Beefy Boxes and Bandwidth Generously Provided by pair Networks Russ
Your skill will accomplish
what the force of many cannot
 
PerlMonks  

(jeffa) Re: HTML::Template Form Usage

by jeffa (Chancellor)
on Jan 03, 2002 at 06:08 UTC ( #135889=note: print w/ replies, xml ) Need Help??


in reply to HTML::Template Form Usage

What rob_au said is mighty true bladx. So I will focus on something else: CGI forms.

What you are missing is the action attribute for the <form> tag. Also you are missing the fact that you don't have to have one template param for the text box and another for the value ... but let's back up a bit and slim this puppy down.

The following is a super simple CGI script. Save this, run it, study it, know it:
use strict; use CGI qw(:standard); my $box; print header, start_html('test'), start_form, textfield(-name=>'box',-override=>1), submit('go'), end_form; if ($box = param('box')) { print 'You submitted' . div({style=>'display: inline; color: red'}, +$box); }
It is called a reentrant script, because it does one of two different things depending upon what parameters it finds:
  1. if "box" was not found, then this is the first time 'through the script' - ask the question
  2. if "box" is found, then this is the second time - parse the answer
Instead of just 'giving the answer', i also 'ask the question' again, to keep the user from having to go back themselves. And actually, there is no 'second time' - only the first time and 'the rest'. What if the answer is wrong? What if the user didn't give any answer? These questions are the 'business rules', and are not even addressed here. This script only shows the user what they submitted, or nothing if they press 'go' without giving an answer. You should be able to figure out how to add the code that pulls and stores values from your database to this framework now that you see how to get params from the user.

Now, how does this look when used with HMTL::Template? First off, go back to HTML::Template Tutorial and re-read 'Bag of Tricks' which describes associate. Here is the HTML::Template version:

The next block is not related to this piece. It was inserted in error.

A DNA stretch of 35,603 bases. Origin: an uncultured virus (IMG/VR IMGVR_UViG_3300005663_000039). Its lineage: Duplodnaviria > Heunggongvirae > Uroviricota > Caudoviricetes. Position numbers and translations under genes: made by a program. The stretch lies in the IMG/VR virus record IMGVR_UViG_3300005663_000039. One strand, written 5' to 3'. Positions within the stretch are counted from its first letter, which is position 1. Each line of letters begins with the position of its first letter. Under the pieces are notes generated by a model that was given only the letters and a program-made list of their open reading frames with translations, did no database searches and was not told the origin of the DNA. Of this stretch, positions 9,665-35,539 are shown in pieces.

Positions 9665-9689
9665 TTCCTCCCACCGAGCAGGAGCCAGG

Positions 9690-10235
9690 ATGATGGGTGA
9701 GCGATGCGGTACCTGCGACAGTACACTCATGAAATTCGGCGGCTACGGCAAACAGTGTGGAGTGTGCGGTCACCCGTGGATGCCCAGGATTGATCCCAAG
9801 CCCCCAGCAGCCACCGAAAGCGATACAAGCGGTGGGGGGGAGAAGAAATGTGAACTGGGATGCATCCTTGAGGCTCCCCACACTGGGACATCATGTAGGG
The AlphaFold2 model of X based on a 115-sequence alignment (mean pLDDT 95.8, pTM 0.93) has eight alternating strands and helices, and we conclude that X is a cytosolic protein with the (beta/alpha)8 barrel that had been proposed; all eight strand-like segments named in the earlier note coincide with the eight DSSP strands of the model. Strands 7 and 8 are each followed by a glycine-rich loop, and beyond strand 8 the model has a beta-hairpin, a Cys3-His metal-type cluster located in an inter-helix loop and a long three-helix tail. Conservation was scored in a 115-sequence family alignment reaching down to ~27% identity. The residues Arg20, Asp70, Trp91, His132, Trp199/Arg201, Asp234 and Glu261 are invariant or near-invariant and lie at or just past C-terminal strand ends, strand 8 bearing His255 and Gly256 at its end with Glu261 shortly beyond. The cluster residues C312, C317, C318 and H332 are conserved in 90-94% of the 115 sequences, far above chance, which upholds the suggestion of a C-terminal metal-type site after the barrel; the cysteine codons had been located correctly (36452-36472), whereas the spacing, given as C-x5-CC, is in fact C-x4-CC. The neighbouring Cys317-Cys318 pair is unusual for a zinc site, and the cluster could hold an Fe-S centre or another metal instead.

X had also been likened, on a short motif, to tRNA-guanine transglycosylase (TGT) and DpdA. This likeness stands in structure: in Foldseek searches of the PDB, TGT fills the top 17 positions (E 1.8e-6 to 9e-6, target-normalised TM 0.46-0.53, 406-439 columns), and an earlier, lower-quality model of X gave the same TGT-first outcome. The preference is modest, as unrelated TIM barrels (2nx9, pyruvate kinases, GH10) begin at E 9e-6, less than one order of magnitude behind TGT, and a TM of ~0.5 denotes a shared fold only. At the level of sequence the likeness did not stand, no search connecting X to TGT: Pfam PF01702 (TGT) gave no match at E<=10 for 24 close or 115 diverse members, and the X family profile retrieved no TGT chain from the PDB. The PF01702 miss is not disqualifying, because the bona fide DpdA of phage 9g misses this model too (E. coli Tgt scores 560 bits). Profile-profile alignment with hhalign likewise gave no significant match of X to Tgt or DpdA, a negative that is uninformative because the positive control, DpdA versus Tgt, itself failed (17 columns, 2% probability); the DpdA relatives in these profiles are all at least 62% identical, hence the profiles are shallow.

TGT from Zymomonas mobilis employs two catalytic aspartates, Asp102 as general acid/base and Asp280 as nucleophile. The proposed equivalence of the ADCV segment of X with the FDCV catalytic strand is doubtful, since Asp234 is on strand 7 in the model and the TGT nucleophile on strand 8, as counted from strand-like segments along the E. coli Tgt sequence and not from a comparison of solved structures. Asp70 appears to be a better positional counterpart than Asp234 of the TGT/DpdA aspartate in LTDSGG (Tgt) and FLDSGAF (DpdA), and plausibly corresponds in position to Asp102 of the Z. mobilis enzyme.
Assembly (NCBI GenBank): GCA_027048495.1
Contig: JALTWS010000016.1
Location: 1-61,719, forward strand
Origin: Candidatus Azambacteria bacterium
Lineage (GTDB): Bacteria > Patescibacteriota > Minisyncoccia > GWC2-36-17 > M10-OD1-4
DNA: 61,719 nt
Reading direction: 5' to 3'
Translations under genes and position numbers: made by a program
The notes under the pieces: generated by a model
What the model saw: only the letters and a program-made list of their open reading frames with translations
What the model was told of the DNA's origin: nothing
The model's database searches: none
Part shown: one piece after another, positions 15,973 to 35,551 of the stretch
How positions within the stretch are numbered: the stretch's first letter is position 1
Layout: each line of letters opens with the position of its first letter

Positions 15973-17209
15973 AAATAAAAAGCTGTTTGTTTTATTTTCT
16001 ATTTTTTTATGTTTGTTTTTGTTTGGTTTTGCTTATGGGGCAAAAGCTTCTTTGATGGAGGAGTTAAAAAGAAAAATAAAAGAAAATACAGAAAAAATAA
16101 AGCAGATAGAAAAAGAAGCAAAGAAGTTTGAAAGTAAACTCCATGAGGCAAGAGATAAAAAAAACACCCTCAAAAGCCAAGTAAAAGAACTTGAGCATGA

use strict; use CGI; use HTML::Template; my $cgi = CGI->new(); my $data = do { local $/; <DATA> }; my $template = new HTML::Template( scalarref => \$data, associate => $cgi, ); $template->param( url => $cgi->script_name(), ); print $cgi->header(), $template->output(); __DATA__ <html> <title>test</title> <body> <form method="POST" action="<tmpl_var name=url>"> <input type="text" name="box"> <input type="submit" name="go" value="go"> </form> <tmpl_if name="box"> You submitted <div style="display: inline; color: red"> <tmpl_var name="box"> </div> </tmpl_if> </body> </html>
Even though CGI.pm is used, it is only used to print the header, to find the name of the script at runtime, and to associate it's parameters with HTML::Template.

Not to generate HTML.

And yes, the template is included in the Perl script, which is NOT the same as including the HTML among your Perl code. This is a neat trick i like to use for my own scripts that only need one template.

The HMTL::Template version is twice as large - the code itself is about the same, but it is more complex. Why would you want to solve a problem like this with HTML::Template then?

UPDATE: A better question:

What are the benefits of using HTML::Template instead of CGI for this example?

- To have complete control over the HTML is a good reason. I mean _complete_ control. If you don't need that kind of control over the HTML, then CGI.pm probably is the better solution.

- You don't have mingle any HTML in your code. In the CGI.pm example, even though i managed to use methods to generate all tags, the layout is still dependent upon the code (via which methods are called when). This can hurt when you decide to change the layout. With a properly templated solution, the code has nothing to do with the layout. The code just passes the data.

- Does this one count? I didn't have to worry about querying for form parameters in the HMTL::Template version, CGI.pm did it for me! You won't always be able to get away with this, however.

What are the benefits of CGI.pm over HTML::Template?

- Saving time is the only one i can think of, but that is always the most important benefit RIGHT NOW. It took me very little time (with the exception of RTFM'ing for 2 small CGI.pm tricks) to come up with the CGI.pm example, and quite a bit more time for the HTML::Template version. Adding loops really increases your production time, but it does hone your anonymous data structure skills as a nice side effect.

Last note, keep in mind that Q / A and HTML::Template techniques... talks about concepts that go waaaay beyond those of my tutorial. Also, instead of using CGI.pm to handle CGI, mod_perl is used. That post is gold, by the way. ++maverick!

Final last note, don't forget that HTML::Template is only one of many templating CPAN modules.

jeffa

L-LL-L--L-LL-L--L-LL-L--
-R--R-RR-R--R-RR-R--R-RR
F--F--F--F--F--F--F--F--
(the triplet paradiddle)


Comment on (jeffa) Re: HTML::Template Form Usage
Select or Download Code

Log In?
Username:
Password:

What's my password?
Create A New User
Node Status?
node history
Node Type: note [id://135889]
help
Chatterbox?
and the web crawler heard nothing...

How do I use this? | Other CB clients
Other Users?
Others pondering the Monastery: (19)
As of 2014-04-18 14:41 GMT
Sections?
Information?
Find Nodes?
Leftovers?
    Voting Booth?

    April first is:







    Results (469 votes), past polls